Coronavirus outbreak becomes new battleground for China-Taiwan rivalry

A photo taken on March 10, 2020 shows people with face masks at a subway station in Beijing. PHOTO: REUTERS

HONG KONG (BLOOMBERG) - The weeks-long ordeal of more than 1,000 Taiwanese stuck at the centre of China's coronavirus outbreak shows how the global crisis has evolved into another battleground between Beijing and Taipei.

Taiwan on Tuesday (March 10) was set to airlift almost 500 of its residents from Wuhan, the original epicentre of an outbreak that has since spread across the globe and shaken markets more than anything since the financial crisis.

Another 500 Taiwanese will remain stuck in the central Chinese city for now.

While many countries have flown their citizens home from China since early February, officials on both sides of the Taiwan Strait have spent weeks arguing over the details of an evacuation.

Each blames the other for the stand-off, which began just weeks after Taiwan's China-sceptic president, Ms Tsai Ing-wen, secured re-election in a landslide vote.

Because Chinese President Xi Jinping severed direct communications after Ms Tsai ousted a more-Beijing-friendly government in 2016, the two sides were forced to use cross-strait business associations to arrange for several hundred Taiwanese to return home by charter flight in early February.

Disagreements over passenger lists and safety precautions have held up further evacuations until now, when Mr Xi has grown so confident about the outbreak that he visited Wuhan on Tuesday.

The evacuations have become just one more point of contention in the 70-year-old dispute between Taipei and Beijing, which views democratically run Taiwan as part of its territory.

Officials in Taipei argue that China is endangering lives for geopolitical aims, after campaigning to lure away Taiwan's diplomatic allies and block its participation in multilateral groups, including the World Health Organisation.

The delayed evacuation is "an example of how Beijing's determination to assert itself against Taiwan to the fullest possible extent really is a top priority", said Dr Shelley Rigger, a political science professor at Davidson College in North Carolina who has written three books on Taiwan.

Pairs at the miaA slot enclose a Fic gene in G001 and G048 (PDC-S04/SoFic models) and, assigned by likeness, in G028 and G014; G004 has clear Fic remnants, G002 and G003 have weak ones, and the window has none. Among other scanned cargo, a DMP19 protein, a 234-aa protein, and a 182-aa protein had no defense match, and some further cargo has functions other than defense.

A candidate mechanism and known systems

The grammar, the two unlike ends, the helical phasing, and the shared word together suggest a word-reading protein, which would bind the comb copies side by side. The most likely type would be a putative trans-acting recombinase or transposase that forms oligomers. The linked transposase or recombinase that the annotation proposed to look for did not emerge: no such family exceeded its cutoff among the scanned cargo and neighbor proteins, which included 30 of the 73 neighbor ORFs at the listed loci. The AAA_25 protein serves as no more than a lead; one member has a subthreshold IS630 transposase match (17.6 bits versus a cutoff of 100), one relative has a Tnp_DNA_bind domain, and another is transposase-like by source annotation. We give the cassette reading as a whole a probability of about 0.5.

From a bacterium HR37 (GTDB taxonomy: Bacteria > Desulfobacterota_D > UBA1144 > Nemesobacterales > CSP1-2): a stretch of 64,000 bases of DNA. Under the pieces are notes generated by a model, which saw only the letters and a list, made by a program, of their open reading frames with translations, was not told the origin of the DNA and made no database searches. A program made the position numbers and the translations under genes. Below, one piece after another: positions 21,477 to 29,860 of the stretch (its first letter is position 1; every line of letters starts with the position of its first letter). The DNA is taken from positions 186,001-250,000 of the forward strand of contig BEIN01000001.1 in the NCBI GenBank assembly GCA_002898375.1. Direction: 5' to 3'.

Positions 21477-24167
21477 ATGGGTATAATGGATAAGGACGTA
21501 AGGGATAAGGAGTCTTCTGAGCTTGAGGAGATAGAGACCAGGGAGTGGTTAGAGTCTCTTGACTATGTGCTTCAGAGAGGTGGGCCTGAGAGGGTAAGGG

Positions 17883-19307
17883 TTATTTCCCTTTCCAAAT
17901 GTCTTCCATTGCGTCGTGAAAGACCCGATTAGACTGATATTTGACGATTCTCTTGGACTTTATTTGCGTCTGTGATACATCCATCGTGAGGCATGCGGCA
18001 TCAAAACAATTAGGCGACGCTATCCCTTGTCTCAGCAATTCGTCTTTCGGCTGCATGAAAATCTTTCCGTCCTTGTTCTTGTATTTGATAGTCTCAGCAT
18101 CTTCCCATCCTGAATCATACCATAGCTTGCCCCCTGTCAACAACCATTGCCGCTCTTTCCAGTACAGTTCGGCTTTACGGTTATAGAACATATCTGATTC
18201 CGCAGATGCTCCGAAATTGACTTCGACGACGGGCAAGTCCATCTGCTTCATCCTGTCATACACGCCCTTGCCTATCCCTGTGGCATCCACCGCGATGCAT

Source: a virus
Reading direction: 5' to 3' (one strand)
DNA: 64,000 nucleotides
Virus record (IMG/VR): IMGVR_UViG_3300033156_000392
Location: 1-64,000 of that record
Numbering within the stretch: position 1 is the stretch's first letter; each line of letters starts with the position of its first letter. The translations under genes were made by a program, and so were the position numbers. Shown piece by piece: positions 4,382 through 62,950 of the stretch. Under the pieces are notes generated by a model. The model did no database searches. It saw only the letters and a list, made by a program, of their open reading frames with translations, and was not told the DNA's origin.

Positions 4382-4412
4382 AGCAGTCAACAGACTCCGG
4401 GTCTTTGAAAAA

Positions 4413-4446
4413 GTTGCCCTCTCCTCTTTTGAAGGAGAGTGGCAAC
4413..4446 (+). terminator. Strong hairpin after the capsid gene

"At a moment when they have so much else going on, and their institutions are strained to the max, they still have time to focus on making things difficult for Taiwan."

As the virus' global spread worsened last month, Taiwan was forced to scramble jets after China sent warplanes around the island.

The dispute has been getting greater attention in the United States, which has formal relations with Beijing but provides military assistance to Taipei under the 1979 Taiwan Relations Act.

US lawmakers are pushing the Taiwan Assurance Act, which would dub the island a "vital part" of America's Indo-Pacific strategy, encourage more US arms sales and criticise Taipei's exclusion from international organisations as "detrimental to global health".

Taiwan has reported 47 cases of the virus and one death as of Tuesday, a low tally, given its close economic ties and flight links to the mainland, which still represents a majority of the cases.

Taipei has insisted that Taiwanese medical personnel screen passengers returning from Wuhan, accompany them on their trip and monitor and quarantine them, if necessary, after they arrive.

Taiwanese lawmaker Wang Ting-yu, who belongs to Ms Tsai's Democratic Progressive Party and is a member of the Foreign Affairs and National Defence Committee, called the delay in evacuations "unfortunate".

"Whether it's about human rights, or something about economic issues - the Chinese government always puts complicated political thinking inside them," Ms Wang told Bloomberg News.

"But now it's related to citizens' lives. We want our people to come back safely."


The Chinese side pins the blame on the ruling Democratic Progressive Party (DPP), which asserts that Taiwan is a sovereign nation and supports formally asserting independence.

Ms Tsai was re-elected on a pledge to keep pushing back against Beijing, as historic unrest in the former British colony of Hong Kong made Taiwanese more anxious about increased ties.

Ms Tsai's government "is politicising the epidemic", said Professor Li Zhenguang, who teaches Taiwan studies at Beijing Union University.

"After the first batch of Taiwanese went back, the DPP administration nitpicked and attacked the way the mainland handled it."

Meanwhile, Taipei has also been battling a steady stream of misinformation about its handling of the coronavirus, including posts claiming Ms Tsai's government has been deliberately suppressing the tally of cases.

The Taiwan FactCheck Centre found there was no evidence to support that claim, one of almost 50 examples of such disinformation.

Still, Dr Rigger, the Davidson College professor, said Taiwan's initial success in handling of the virus could bolster its long-running push for greater inclusion in international organisations coordinating the global response.

"Taiwan's claim was based on the idea that Taiwanese people were vulnerable to public health threats, and deserved to be included in the global response," she said.

"They can add another element to their appeal: We deserve to be included not only because we are human and vulnerable, but also because we have identified policy responses to infectious disease control that, so far, are working."

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